Even then, you could see that Dravid was different. No, we are not talking his batting, but the way he conducted himself, the politeness that is such an endearing quality even today, the poise with which he answered questions which, to be honest, were a lot easier than he was to encounter later in his career, the clarity of thought and the measured manner in which he parted with words.
It took Dravid a few more years more to break into the Indian team, ironically in the limited-overs version, but he quickly established himself as one for the present and the future. Dravid and Sourav Ganguly made their Test debut in the same game, VVS Laxman arrived a few months later, and altered the landscape of Indian batsmanship, if you will, forever.
Each of them, alongside Sachin Tendulkar, spoilt us all individually and collectively. Each one was different, as a batsman and, therefore unsurprisingly, as a human being. Each one held you captive for a different reason – Ganguly with his mercurial approach, Laxman with his silken felicity, Tendulkar simply because he was Tendulkar, and Dravid because of the calmness and the sense of 'all's well when I am around' he brought with him.
Watching Dravid bat was like watching a surgeon at work. He was precise without being flamboyant, correct without being colourless, meticulous without being fussy. When it was cricket time, the game consumed him; off the field, he found the perfect release, be it with a thought-provoking book or a tour of the city he was playing in, a luxury afforded outside the subcontinent where security, of different hues, prevented him from wandering out on his own.
I fondly remember that night in Colombo in 2001 when Dravid traipsed into the bar looking for John Wright, and ran into a group of Indian journalists celebrating their success at Housie. At that stage of the tour, India had played three and lost three during the tri-series with New Zealand as the third prong. "Party time, is it?" he asked, and cracked up when we echoed Wright's words, "Enjoy it boys, it's the first thing the Indians have won on tour."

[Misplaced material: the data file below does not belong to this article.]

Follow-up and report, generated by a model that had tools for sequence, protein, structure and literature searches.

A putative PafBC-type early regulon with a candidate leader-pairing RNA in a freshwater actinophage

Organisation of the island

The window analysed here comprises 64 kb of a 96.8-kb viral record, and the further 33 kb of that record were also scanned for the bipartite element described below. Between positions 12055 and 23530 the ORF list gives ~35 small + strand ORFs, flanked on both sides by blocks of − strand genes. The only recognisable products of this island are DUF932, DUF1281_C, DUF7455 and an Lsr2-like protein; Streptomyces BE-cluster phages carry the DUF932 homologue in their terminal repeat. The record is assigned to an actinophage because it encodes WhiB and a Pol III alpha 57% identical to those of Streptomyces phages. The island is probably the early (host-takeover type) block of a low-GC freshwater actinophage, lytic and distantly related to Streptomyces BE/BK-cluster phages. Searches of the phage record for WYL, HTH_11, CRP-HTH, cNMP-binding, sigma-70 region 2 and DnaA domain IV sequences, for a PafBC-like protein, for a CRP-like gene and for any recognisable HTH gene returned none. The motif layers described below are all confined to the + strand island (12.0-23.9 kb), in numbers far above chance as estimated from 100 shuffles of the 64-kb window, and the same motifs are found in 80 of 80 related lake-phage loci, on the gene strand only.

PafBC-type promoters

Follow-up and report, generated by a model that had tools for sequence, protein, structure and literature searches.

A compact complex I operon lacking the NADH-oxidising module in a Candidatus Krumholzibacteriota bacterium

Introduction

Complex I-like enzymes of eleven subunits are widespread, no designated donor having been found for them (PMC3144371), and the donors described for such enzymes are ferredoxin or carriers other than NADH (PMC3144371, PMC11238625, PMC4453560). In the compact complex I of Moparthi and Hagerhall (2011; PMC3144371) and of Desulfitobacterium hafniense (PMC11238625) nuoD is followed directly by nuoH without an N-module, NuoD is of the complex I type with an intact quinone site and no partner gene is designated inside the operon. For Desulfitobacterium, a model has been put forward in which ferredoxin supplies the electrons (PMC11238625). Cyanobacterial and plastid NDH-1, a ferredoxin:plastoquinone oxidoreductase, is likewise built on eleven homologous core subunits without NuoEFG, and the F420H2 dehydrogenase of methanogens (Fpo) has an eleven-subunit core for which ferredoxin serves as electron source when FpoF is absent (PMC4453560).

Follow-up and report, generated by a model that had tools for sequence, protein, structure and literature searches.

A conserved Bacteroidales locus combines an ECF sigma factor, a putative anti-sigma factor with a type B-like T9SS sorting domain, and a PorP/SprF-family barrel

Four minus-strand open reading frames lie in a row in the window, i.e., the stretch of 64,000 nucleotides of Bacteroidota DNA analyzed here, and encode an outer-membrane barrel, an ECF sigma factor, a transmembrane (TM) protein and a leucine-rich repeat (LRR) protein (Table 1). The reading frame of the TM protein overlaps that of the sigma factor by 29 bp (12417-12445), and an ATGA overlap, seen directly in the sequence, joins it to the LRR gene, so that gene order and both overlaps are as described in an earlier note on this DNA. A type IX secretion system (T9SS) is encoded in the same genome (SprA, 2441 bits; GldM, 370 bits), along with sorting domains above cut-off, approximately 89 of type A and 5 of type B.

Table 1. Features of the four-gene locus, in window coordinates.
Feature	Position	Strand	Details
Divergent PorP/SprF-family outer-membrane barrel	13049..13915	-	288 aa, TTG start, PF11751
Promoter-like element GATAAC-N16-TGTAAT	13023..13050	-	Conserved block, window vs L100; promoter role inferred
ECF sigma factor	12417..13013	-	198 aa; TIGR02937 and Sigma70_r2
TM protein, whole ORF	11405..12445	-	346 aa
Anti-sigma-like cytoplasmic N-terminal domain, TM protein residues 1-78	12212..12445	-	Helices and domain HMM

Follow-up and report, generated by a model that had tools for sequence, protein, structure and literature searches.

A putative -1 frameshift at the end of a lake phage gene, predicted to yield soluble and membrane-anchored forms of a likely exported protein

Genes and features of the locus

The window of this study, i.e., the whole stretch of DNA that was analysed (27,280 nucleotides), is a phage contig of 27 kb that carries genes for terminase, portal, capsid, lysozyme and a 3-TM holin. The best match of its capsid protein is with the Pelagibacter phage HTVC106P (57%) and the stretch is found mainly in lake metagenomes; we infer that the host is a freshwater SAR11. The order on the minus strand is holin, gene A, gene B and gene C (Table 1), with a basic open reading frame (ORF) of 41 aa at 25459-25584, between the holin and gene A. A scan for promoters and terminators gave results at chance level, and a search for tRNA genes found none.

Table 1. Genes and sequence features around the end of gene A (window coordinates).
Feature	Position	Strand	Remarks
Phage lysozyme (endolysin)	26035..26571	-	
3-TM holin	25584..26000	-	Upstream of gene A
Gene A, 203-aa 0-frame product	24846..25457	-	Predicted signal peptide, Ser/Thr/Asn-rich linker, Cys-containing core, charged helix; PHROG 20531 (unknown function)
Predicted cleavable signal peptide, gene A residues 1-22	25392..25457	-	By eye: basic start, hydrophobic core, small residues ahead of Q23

And that evening in Rawalpindi in 2004 when, having promised a few of us travelling journos that he would meet with us after the day's play, he kept his word even though he was drained physically and mentally, and in the middle of his epic 270. And that night in Wellington in 2009 when he came over to our apartment for dinner, but spent much of the next day's play to-ing and fro-ing from the field with India fielding. We were apprehensive that the food hadn't gone down well with him; imagine our relief when he told us that it was a dodgy back that was the culprit.
THE Dravid moment, for me and I am sure several others who watched that game either at the ground or on television, came in Adelaide in December 2003 when, after bringing up the winning runs in a wonderful Test match, Dravid whipped off his India cap – I loved it when he forsook the helmet and donned the cap at every possible opportunity – and kissed the crest as he whooped his way, sideways, across the length of the pitch. A rare public outpouring of emotion from a man who has steadfastly refrained from histrionics. It was as memorable as the victory itself was sweet.